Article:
Control of subthreshold leakage in standby mode is best accomplished with power-shutoff switches. But what can be done when the chip is fully awake and active?
One approach is gate-length biasing, which is a way to achieve leakage reduction in a way that will minimally disrupt performance. The effects of gate-length biasing, long known to analog designers, are multifold. While lengthening a given gate can exponentially reduce leakage as well as process variability, it also linearly reduces drive strength.
So in the view of Blaze DFM, whose Blaze MO tool performs gate-length biasing during application of optical-proximity correction, the answer lies in applying the technique as judiciously as possible. "In looking at the design, we know which are the critical paths and which are not," says Dave Reed, vice president of marketing and business development (and a founder) of Blaze DFM.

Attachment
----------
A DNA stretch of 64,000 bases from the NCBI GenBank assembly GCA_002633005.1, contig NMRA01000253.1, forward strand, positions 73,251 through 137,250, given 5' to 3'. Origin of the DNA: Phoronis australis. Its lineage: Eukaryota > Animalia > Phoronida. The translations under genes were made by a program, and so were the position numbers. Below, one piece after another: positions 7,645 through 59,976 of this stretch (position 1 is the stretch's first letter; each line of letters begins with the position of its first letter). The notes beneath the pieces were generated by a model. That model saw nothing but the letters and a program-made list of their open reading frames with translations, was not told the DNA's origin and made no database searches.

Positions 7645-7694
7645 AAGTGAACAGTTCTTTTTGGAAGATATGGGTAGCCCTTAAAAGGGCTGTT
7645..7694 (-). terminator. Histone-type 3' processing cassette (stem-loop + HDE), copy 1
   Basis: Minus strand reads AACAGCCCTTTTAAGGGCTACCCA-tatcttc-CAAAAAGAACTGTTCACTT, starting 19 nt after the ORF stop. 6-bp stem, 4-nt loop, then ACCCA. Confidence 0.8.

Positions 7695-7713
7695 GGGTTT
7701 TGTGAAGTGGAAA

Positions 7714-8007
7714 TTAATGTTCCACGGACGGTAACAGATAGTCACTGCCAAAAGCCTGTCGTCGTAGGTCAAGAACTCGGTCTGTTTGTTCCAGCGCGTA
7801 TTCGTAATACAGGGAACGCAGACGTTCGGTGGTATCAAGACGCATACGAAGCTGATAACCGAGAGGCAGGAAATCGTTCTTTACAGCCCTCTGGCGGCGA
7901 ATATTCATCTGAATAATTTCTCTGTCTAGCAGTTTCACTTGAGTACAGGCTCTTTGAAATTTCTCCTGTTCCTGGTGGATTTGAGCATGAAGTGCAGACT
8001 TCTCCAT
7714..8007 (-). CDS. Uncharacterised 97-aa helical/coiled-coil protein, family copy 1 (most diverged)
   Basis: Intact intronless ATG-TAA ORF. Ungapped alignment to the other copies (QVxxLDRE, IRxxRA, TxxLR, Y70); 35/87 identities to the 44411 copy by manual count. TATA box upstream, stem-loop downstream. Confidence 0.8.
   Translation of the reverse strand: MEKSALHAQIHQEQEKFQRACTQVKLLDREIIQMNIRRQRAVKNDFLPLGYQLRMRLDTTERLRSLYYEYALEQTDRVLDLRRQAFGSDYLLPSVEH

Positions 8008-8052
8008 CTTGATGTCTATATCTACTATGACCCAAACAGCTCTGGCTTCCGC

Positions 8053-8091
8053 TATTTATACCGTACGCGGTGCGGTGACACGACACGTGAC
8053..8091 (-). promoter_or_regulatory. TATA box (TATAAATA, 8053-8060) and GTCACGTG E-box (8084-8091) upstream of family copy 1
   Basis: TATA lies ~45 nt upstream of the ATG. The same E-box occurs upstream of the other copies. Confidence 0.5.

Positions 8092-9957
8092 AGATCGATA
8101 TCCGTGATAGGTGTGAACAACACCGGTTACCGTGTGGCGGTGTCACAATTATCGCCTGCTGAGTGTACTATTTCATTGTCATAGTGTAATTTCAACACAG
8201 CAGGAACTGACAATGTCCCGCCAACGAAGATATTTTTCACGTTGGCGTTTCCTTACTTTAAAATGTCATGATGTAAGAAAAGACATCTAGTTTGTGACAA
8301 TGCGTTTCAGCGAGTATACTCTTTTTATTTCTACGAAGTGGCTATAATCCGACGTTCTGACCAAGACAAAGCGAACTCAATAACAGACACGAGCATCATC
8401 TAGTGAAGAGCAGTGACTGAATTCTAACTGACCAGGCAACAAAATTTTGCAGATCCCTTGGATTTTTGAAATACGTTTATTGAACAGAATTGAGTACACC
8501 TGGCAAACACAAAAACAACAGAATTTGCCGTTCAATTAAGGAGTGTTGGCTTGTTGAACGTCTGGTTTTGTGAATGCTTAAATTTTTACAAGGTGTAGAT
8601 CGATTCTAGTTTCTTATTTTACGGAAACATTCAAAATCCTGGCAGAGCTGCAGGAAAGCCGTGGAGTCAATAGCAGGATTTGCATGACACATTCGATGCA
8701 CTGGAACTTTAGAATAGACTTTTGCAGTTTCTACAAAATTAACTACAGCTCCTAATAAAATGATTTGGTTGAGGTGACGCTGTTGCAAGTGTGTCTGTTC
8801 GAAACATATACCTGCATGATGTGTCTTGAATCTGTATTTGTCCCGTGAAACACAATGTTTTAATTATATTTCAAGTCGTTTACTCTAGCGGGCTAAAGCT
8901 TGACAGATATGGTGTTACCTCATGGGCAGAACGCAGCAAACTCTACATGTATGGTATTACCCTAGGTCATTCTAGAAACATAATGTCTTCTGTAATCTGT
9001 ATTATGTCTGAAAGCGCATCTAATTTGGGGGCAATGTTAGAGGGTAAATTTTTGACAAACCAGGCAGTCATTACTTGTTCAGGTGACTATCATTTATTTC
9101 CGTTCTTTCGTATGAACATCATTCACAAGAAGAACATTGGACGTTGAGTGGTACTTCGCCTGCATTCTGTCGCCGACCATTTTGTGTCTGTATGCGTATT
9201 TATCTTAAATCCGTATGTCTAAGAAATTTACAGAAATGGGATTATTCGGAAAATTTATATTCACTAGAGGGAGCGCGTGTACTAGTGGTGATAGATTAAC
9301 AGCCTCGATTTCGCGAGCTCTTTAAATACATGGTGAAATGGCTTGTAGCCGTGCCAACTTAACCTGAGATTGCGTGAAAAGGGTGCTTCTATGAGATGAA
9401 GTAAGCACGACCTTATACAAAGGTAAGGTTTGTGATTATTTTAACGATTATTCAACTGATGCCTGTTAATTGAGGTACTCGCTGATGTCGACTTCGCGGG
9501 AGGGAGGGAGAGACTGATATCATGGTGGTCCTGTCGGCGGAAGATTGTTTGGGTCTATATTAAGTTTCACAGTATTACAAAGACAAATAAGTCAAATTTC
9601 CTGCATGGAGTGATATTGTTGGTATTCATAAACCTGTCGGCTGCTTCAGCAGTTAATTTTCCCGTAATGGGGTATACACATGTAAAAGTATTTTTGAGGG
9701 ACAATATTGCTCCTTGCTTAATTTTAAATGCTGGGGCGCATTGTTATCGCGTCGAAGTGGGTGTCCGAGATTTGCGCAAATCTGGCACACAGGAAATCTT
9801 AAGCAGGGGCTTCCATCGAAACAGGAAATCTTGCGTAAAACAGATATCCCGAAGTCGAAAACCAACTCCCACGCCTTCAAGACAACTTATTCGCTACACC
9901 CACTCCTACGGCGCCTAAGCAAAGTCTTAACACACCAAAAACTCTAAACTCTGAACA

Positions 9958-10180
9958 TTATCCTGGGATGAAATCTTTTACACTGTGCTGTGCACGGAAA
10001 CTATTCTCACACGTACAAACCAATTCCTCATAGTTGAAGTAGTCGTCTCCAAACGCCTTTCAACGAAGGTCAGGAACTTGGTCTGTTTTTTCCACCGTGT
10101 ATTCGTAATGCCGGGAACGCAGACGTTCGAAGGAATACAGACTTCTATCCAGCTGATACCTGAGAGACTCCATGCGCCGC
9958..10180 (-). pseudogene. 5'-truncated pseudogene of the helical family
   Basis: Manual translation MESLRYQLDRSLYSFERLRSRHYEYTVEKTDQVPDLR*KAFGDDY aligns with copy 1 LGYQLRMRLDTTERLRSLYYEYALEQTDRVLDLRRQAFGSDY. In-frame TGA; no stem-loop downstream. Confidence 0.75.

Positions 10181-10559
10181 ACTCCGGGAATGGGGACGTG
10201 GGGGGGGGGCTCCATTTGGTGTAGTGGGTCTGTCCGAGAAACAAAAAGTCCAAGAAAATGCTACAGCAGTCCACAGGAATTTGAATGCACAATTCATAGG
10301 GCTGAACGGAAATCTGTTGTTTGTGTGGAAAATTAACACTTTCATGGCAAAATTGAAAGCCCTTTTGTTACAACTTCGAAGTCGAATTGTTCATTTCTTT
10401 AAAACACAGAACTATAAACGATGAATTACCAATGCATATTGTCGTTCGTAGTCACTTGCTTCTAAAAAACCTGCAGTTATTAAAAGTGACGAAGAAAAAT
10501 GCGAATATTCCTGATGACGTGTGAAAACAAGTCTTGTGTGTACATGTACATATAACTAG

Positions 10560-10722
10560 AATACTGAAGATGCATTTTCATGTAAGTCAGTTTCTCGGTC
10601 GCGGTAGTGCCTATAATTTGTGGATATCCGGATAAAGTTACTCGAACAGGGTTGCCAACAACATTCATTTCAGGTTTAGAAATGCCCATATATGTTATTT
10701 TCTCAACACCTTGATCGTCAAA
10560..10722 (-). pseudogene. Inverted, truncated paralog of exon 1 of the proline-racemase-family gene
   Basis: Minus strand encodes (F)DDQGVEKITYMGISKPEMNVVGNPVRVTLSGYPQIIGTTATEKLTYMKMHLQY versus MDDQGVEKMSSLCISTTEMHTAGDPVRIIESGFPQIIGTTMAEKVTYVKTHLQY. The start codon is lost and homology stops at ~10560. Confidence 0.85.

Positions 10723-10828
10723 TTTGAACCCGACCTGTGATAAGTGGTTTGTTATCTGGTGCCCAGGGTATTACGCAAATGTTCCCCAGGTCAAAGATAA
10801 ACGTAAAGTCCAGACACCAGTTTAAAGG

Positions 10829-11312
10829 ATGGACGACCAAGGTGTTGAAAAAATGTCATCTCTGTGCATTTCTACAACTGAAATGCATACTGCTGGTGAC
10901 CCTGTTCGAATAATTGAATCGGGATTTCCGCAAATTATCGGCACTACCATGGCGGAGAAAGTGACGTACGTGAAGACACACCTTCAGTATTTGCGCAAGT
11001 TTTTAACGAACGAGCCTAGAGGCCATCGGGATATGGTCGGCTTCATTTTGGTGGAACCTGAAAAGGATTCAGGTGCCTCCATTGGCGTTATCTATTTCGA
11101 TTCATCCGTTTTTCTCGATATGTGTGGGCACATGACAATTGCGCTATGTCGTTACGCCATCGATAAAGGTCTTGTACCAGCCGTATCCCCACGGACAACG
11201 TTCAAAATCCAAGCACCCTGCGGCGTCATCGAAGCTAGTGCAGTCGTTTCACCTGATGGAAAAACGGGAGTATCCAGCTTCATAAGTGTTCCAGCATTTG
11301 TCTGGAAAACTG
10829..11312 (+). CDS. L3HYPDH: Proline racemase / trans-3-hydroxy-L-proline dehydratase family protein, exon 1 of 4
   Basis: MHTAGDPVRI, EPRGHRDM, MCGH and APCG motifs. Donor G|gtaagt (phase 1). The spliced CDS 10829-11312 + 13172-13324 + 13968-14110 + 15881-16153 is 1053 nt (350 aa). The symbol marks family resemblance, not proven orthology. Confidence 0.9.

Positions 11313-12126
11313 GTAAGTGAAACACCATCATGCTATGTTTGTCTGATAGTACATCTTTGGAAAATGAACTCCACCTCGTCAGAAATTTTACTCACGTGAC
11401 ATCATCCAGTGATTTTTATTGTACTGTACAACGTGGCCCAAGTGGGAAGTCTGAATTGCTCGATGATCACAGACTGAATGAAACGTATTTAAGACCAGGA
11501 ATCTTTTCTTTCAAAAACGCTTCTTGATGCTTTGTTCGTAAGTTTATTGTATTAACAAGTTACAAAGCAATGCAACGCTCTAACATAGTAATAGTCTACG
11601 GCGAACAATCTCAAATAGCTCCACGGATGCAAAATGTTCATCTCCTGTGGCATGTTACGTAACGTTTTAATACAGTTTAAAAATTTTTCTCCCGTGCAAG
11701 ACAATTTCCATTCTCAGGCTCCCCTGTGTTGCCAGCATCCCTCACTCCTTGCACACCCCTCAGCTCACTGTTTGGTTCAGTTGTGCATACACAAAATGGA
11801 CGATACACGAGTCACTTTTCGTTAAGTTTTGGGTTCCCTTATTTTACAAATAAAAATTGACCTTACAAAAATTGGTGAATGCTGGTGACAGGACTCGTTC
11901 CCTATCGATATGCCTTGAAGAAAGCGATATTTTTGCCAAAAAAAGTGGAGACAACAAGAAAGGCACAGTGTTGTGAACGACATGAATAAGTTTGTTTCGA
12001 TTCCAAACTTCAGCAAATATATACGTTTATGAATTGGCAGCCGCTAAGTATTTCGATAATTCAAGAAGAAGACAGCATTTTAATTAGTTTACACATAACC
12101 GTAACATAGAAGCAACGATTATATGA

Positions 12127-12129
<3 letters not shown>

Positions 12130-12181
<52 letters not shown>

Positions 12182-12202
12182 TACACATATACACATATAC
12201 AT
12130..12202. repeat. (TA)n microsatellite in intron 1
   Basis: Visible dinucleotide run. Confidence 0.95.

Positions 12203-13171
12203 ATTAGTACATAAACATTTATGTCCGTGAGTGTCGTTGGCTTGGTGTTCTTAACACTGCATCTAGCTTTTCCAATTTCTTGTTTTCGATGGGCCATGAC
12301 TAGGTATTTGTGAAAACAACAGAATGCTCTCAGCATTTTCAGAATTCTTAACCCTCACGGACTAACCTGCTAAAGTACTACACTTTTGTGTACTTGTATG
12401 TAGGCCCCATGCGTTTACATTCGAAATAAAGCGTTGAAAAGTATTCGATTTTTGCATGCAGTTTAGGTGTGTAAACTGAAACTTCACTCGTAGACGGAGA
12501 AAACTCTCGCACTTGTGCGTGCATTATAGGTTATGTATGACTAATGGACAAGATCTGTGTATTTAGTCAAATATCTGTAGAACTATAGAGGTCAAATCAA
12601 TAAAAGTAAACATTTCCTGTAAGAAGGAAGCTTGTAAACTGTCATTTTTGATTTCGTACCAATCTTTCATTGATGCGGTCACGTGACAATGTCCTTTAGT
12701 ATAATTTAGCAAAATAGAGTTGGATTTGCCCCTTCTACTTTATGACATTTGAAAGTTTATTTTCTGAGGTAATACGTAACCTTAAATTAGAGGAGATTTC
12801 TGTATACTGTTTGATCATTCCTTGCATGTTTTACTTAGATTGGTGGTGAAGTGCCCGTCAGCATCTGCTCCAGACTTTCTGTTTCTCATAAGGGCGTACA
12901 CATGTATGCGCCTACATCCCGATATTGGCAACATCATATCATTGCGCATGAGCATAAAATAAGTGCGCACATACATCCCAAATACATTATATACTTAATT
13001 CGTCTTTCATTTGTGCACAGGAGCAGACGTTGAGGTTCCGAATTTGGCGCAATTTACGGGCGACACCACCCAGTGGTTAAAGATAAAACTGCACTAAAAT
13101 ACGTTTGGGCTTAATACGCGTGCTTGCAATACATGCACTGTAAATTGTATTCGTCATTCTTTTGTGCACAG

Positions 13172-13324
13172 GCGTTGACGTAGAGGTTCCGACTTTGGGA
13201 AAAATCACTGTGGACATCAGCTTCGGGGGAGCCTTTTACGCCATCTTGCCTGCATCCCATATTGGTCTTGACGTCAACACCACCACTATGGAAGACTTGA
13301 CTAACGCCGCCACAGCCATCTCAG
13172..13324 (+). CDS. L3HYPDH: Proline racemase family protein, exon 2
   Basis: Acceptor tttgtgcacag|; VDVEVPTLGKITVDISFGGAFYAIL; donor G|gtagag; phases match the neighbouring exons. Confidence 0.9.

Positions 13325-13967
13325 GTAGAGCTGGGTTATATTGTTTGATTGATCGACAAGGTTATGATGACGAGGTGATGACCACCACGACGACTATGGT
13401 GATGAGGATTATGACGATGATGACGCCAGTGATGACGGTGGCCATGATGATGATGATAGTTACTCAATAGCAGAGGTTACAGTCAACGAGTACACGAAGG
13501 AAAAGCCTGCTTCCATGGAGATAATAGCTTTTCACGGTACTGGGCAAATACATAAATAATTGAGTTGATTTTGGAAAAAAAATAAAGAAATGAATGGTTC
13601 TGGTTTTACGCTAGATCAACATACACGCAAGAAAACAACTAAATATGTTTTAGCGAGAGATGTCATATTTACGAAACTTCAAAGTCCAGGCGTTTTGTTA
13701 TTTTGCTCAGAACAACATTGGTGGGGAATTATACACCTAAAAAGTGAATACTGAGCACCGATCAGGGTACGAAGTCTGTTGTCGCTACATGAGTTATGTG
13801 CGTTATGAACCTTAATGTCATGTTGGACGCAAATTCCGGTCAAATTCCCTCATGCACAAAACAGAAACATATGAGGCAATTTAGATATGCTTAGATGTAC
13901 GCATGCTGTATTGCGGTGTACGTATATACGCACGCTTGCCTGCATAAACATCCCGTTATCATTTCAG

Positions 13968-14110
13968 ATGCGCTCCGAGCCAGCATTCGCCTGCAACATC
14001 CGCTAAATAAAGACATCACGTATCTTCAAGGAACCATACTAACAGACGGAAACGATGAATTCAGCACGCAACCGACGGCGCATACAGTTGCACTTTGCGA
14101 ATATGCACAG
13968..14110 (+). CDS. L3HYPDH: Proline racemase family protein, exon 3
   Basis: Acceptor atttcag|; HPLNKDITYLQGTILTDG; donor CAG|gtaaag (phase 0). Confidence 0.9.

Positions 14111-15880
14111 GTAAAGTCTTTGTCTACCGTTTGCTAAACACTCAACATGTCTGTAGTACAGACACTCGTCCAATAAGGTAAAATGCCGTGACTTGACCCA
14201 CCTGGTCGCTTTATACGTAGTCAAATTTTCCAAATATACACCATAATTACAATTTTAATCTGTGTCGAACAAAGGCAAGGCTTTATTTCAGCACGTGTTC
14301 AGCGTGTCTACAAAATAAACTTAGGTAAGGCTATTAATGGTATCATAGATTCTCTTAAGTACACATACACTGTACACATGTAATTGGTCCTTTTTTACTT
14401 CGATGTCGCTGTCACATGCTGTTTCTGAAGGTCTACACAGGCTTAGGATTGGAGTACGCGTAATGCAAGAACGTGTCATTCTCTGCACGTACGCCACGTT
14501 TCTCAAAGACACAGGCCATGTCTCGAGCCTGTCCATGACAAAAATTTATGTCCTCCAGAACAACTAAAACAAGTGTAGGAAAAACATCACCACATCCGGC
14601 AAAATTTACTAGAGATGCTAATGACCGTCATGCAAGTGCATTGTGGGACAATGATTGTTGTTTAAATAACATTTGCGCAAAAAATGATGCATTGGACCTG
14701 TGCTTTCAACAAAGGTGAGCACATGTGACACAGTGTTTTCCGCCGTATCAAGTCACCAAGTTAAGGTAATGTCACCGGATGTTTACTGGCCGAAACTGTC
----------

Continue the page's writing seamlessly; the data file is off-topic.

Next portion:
"Applying gate biasing to devices in timing-critical paths impacts the overall design performance, so we don't modify these," Reed says. "We want those at full speed. The ones that are in non-critical paths can be slowed without impacting performance."Blaze MO can also perform voltage-threshold reassignment, using a similar approach to the one for gate-length biasing. "For non-critical paths, we can switch from low-VT to high-VT cells," says Reed. Low-VT cells are very fast but also very leaky, while high-VT cells are slower but leak less.